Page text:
The booklet ‘A Brief History of Starston’ was originally published by Roy Riches of Starston, Harleston, Norfolk in 1969. The booklet was designed, printed and bound by The Harleston Press, Station Road, Harleston, Norfolk.
http://starstonvillage.co.uk/starston/

Stories Behind the Signs: Felthorp.

The Felthorpe Village Sign tells three stories, two of which are more prominent
than the third.

Felthorpe (Sign)
Felthorpe Village Sign.
The sign is located beside Taverham Road junction with The Street. Photo:© Copyright Evelyn Simak .

Story 1:
In the forefront of the Felthorpe Village sign is the image of two women in a chaise pulled by a black horse, with St Margaret’s Church in the background. It is believed that one of the women depicted is Mary Wright Sewell (6 April 1797 – 10 June 1884), who was an English poet and children’s author. Though popular for writing juvenile bestsellers in her day, she is better known today as the mother of Anna Sewell, the author of Black Beauty – the other woman depicted is, understandably, Anna Sewell herself. Mary lived at Church Farm, Felthorpe from the age of 2 to 12 years old, between 1799 and 1811.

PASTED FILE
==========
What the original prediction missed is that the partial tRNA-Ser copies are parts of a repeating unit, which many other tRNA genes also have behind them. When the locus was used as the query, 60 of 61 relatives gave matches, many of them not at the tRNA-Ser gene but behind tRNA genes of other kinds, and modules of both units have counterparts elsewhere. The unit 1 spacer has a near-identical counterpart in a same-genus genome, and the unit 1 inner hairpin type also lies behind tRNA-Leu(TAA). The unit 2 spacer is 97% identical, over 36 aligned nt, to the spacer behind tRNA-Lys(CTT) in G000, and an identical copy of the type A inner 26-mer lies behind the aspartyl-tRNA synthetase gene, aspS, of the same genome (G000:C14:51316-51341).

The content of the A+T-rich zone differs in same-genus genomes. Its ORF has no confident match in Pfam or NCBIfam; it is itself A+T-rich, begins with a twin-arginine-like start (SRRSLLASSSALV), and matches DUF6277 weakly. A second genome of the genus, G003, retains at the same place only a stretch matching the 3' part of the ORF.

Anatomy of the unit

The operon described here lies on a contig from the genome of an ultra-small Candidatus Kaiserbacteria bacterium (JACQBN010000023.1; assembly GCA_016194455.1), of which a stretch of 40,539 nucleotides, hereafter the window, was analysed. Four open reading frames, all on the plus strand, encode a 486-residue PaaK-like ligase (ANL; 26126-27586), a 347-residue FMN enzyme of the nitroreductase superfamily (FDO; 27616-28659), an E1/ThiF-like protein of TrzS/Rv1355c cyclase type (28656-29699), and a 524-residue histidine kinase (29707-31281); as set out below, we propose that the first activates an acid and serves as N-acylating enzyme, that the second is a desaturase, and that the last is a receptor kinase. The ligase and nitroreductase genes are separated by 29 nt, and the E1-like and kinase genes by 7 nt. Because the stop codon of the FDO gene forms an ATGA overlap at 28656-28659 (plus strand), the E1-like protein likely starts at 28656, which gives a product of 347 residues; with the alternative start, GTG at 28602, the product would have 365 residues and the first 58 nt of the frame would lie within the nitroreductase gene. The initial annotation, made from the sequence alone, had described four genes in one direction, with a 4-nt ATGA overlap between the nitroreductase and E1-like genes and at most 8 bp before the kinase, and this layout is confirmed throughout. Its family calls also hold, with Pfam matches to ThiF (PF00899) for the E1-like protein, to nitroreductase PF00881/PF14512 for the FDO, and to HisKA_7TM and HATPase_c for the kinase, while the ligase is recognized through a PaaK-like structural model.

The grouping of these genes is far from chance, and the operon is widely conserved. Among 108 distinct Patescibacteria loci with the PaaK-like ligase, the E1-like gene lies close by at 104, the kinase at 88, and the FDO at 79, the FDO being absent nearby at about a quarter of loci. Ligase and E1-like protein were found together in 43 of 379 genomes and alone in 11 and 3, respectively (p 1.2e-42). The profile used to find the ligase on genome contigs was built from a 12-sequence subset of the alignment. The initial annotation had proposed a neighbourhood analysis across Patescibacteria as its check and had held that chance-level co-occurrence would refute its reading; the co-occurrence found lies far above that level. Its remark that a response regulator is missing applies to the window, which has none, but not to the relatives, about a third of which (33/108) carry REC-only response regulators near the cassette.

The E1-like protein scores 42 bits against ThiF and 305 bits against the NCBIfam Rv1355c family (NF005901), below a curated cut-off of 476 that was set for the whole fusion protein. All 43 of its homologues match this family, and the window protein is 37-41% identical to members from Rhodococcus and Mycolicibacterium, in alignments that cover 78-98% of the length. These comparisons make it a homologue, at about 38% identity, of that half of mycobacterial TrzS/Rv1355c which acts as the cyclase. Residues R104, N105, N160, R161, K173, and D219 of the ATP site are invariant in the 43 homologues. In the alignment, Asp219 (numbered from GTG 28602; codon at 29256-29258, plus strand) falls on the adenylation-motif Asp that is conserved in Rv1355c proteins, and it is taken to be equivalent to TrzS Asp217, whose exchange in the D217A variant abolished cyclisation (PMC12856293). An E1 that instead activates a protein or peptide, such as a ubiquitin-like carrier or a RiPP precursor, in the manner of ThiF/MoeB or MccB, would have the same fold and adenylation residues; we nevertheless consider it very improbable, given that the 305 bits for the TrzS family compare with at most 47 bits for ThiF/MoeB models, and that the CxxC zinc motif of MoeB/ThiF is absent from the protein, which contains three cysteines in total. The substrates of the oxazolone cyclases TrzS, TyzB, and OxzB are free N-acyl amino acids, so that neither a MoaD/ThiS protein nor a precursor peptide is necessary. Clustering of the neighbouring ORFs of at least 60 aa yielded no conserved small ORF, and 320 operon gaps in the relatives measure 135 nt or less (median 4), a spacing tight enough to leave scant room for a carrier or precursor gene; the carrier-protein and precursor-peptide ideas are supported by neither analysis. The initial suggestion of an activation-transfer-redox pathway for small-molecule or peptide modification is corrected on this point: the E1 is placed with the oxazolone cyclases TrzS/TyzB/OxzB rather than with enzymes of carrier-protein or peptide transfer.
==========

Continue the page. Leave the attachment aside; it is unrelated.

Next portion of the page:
Felthorpe (First Edition)Mary Wright (Sewell) was actually born on 6 April 1797 in Sutton, Suffolk. Her father, John Wright, and mother Ann Holmes, were farmers and had seven children, of which Mary was the third. Her upbringing followed Quaker principles. Originally taught by governesses at home, she attended boarding school in Tottenham around 1811, when her father sold his farm to invest in a ship. He was unsuccessful in this enterprise and by the time Mary had turned eighteen she was forced to become a governess herself at an Essex school.

Some eight years later Mary married Isaac Sewell whose parents were also Quaker elders; the marriage took place at Lamas in Norfolk on 15 June 1819. Mary and Isaac settled in Yarmouth where, the following year, their daughter, Anna, was born, followed by a son, Philip, in 1822. Her husband Isaac had a number of ill-advised businesses and he declared himself bankrupt after his son was born. Isaac would go on to become a travelling salesman, while Mary herself would teach her children at home. Alongside this, she wrote her first book, ‘Walks with Mamma’, using words of only one syllable; the income from this helped to pay for books to educate her children.